31 January 2018
By Peter Hyll-Larsen and Bente Sandal-Aasen
At the end of November 2017, Finn Church Aid (FCA) Myanmar and Plan International Myanmar organised a training on the INEE Minimum Standards (MS) and other tools for 40 participants in Myanmar’s largest city, Yangon.
Along much of Myanmar’s borders, there are ethnic and religious conflicts raging. Some are low-intensity and long-drawn, others are wildly intensive and extreme in all senses, such as the violence in Rakhine State in Myanmar that re-surged in late August 2017. In response to all of these conflicts, often between armed groups and the central Union government, as well as the many risks brought on by emerging climate change in a very volatile part of the world, there is a clear need to develop capacity to provide education in emergency and for displaced populations. Currently, hundreds of thousands of people have been displaced across the border into Bangladesh and unknown numbers are internally displaced within Rakhine State, barred from receiving almost any educational services from the international community. A training conducted in November 2017 aimed to equip actors at both state and local level in Myanmar with a working knowledge of the INEE Minimum Standards and other relevant tools in order to help them deliver educational services as part of their humanitarian response.
The training, led by Finn Church Aid (FCA) and Plan International, included forty participants from fourteen organizations, and the Ministry of Education, who were very engaged and welcomed the opportunity to discuss education in emergencies in an objective and informal training setting.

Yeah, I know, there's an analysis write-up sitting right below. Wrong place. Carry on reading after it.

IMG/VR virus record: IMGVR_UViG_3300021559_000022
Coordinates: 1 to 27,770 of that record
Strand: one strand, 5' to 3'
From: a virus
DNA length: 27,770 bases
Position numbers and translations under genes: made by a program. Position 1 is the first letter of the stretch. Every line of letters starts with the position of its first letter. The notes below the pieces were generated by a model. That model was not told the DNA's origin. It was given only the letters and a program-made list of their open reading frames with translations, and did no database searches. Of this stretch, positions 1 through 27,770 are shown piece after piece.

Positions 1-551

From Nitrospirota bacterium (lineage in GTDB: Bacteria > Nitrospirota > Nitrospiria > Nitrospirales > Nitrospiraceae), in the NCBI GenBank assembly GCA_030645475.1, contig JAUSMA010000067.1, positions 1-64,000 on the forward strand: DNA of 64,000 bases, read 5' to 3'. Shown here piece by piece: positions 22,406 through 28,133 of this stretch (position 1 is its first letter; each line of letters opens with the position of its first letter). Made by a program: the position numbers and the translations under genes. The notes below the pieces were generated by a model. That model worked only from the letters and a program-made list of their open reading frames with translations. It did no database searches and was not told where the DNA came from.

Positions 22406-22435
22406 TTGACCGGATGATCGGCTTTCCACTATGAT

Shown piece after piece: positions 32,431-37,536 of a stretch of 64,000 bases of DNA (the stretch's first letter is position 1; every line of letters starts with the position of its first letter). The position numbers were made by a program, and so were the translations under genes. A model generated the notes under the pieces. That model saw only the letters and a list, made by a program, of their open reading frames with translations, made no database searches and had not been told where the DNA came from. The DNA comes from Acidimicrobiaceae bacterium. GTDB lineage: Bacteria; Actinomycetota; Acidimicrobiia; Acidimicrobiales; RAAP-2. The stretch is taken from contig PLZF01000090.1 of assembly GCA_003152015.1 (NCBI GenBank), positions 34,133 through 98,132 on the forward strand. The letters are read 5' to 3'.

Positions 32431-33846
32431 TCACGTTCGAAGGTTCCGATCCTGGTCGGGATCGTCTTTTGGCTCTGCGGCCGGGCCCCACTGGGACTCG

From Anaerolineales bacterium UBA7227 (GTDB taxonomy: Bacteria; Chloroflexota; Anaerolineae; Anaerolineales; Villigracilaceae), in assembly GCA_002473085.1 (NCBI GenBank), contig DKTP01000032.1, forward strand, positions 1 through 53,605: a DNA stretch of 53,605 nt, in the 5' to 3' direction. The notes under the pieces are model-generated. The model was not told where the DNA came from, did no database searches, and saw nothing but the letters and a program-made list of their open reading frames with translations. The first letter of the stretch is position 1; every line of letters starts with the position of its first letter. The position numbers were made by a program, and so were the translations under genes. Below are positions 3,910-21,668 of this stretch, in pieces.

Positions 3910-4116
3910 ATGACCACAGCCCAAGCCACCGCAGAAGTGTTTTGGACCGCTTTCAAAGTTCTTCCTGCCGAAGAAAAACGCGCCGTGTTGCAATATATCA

While education stakeholders in Myanmar undertook a consultative and collaborative process to translate the INEE Minimum Standards in 2011, and subsequently conducted several trainings, the situation has since changed and in some places deteriorated, and Myanmar continues to lack sustained strategies for knowledge sharing and use of the Minimum Standards. The Education in Emergencies (EiE) sector in Myanmar has a clear needs to build knowledge, draw up preparedness and contingency plans, and to integrate EiE into national strategic sector planning - this can only come with the strong leadership of the government, which hitherto has not been part of the EiE Sector Working Group or Education Cluster in Yangon or in the affected areas. With an in-house INEE expert at FCA Myanmar, a roaming capacity development expert at Plan International seconded to INEE as the Minimum Standards Specialist, and the need to address EiE in the refugee crisis in Myanmar, the timing was right to conduct a general training on the INEE Minimum Standards.